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  • Why in-air gestures failed, and why they'll soon win

    Four years ago, in-the-air gestures were the future of gaming and the desktop PC user interface.

  • Microsoft should ante up to users for scammed Windows Store apps

    Microsoft finally did the right thing by finally ridding the Windows Store of 1,500 scams and copycat apps. But here's one thing it's not yet doing: Actively searching out users who paid for the fraudulent apps and paying them back.

  • Lightning? That's the least of their problems

    This consultant pilot fish is called in by a new client -- a banquet hall -- to troubleshoot the wireless network after a lighting storm.

  • Opinion: Git legit in the enterprise

    Originally created as a distributed code management system for open source development, Git's popularity has skyrocketed as independent developers have adopted the tool for its speed, flexibility and powerful branch and merge features.

  • Out with the old, in with the new

    Welcome to the new Computerworld. Before your eyes is a completely reimagined, redesigned and re-architected website. The editors are working with an entirely new suite of content-creation tools. It's a lot of change at once, but we were due. We're very excited about the results. Let's take a quick tour of what's new.

  • Evan Schuman: Google eyes the preteen set

    Kids say the darndest things -- and Google wants to know about and memorize each and every one of them. And not just what they say, but the sites they visit, the things they buy, the things they don't buy, the browsers they use and anything else it can suck up relating to the kids' computers, phones, networks and geolocation. Google just loves kids -- especially the part about how much retailers will pay for all of that information.

  • How to understand Twitter's bad new direction

    Twitter has made two small changes that indicate a big shift in direction for everybody's favorite microblogging service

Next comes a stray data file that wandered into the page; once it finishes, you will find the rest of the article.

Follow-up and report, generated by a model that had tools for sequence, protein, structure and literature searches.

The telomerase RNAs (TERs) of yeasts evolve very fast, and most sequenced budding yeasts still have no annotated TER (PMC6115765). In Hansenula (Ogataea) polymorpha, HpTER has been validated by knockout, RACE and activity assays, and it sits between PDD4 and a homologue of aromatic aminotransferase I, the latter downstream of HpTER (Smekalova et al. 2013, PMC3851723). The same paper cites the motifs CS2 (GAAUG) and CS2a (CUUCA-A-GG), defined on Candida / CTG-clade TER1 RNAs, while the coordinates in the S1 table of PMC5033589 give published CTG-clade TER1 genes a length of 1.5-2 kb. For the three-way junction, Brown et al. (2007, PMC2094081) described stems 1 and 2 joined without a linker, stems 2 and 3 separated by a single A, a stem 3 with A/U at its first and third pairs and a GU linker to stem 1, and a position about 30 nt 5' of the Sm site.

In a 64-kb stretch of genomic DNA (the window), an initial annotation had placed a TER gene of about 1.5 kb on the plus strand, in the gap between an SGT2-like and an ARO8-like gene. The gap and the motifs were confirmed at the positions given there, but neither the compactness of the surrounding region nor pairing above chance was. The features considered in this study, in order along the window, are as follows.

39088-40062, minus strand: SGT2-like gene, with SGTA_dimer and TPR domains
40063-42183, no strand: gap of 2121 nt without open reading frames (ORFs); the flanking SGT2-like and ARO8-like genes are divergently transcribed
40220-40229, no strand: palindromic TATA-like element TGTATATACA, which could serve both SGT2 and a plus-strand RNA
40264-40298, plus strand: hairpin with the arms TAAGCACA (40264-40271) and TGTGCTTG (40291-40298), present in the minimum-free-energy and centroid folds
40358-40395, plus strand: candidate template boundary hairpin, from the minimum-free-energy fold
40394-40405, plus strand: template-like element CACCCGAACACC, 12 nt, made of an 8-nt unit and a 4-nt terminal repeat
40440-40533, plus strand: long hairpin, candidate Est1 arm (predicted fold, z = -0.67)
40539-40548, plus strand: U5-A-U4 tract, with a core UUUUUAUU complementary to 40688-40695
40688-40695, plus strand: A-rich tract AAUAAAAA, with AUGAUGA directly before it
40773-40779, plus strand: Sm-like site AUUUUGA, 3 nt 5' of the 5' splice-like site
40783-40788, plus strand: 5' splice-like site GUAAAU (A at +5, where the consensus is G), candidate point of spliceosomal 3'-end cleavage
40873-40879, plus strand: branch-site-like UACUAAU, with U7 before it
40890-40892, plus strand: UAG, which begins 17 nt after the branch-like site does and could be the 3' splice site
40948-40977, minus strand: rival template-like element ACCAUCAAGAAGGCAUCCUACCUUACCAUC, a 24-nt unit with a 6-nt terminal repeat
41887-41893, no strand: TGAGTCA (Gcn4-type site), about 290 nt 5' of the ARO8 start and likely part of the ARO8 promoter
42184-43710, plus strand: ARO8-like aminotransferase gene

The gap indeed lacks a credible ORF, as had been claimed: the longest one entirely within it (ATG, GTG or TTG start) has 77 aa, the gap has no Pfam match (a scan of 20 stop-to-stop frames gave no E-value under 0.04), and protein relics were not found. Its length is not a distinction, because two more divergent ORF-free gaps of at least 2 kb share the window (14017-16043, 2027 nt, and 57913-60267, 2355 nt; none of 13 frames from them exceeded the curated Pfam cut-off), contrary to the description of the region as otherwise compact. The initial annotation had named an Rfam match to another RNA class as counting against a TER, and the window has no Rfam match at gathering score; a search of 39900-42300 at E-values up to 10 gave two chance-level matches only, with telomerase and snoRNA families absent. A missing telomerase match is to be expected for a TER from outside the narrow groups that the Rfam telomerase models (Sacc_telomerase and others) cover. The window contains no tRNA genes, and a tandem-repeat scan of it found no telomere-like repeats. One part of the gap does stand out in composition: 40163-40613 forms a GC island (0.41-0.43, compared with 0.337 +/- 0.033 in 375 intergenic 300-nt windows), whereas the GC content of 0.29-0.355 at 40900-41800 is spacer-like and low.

• Rethinking communications regulation

    Federal legislation on communications policy predates all the changes brought about by the Internet. It's time to address Internet regulation directly.

  • The trouble with trolls (and how to beat them)

    A vulnerable person. A sociopath or two on social media tormenting that person without consequence. That's trolling in a nutshell.

  • Steven J. Vaughan-Nichols: Patent trolls under attack, but not dead yet

    The patent wars keep going and going and we keep paying and paying.

  • Evan Schuman: Barnes & Noble plays into Amazon's hands

    Same-day delivery is a boon for the online leader, but it will only help doom B&N.

  • Google, Facebook go beyond social, beyond identity

    In order to understand the strange but spectacularly profitable world of Google and Facebook today, it's important to start in the fall of 2010.

  • Five reasons to build an enterprise app store ASAP

    This vendor-written tech primer has been edited by Network World to eliminate product promotion, but readers should note it will likely favor the submitter's approach.

  • OkCupid -- it's not me, its you

    Remember the controversy over Facebook's social experimentation, which showed how people's emotions could be toyed with by changing what they see online? Well, Facebook wasn't the only site playing with your heart. Dating site OkCupid has now acknowledged doing much the same thing. The mostly free dating service is being very open about how it manipulated members' online dating lives and offers a detailed explanation that amounts to a version of "Hey, everybody's doing it."

  • Career advice: A plan for battling organizational politics

    Premier 100 IT Leader Karen Sullivan also answers questions on the value of undergraduate degrees and MBAs.

  • Satya Nadella at six months: Grading Microsoft's new CEO

    Satya Nadella took over as Microsoft's CEO six months ago, on Feb. 4, 2014. While that six months seemed to have gone a lot quicker than the gestation period prior to Nadella's coronation, it's plenty long enough for us to get a bead on the kind of supremacy it will be in Redmond.

  • Ron Miller: Spain's link tax taxes my patience

    The so-called Google tax is a desperate and wrongheaded gambit to save traditional newspapers.

  • Revamped Apple TV may be delayed until 2015, report claims

    With Apple executives touting the most exciting lineup of new products in 25 years, one product due for a major upgrade is Apple's long-adored hobby -- the Apple TV.

  • OpenFlow Supports IPv6 Flows

    OpenFlow is a Software-Defined Networking (SDN) protocol used for southbound communications from an SDN controller to and from a network device. OpenFlow is the protocol used to inform the topology of network switches on which flows should be added to their flow tables and advise switches how they should handle traffic flows that are not in the current flow tables. Initially, OpenFlow did not have any definition for handling IPv6 communications. Now, newer OpenFlow versions have IPv6 capabilities and more vendors are deploying products that use the newer OpenFlow versions. This article goes over the IPv6 functions within the OpenFlow protocol and describes how these are being used.

  • Evan Schuman: The data dangers of free public Wi-Fi

    New York's plan to turn pay phones into free Wi-Fi stations could be a template for other cities, and bad news for IT departments trying to protect corporate data and intellectual property.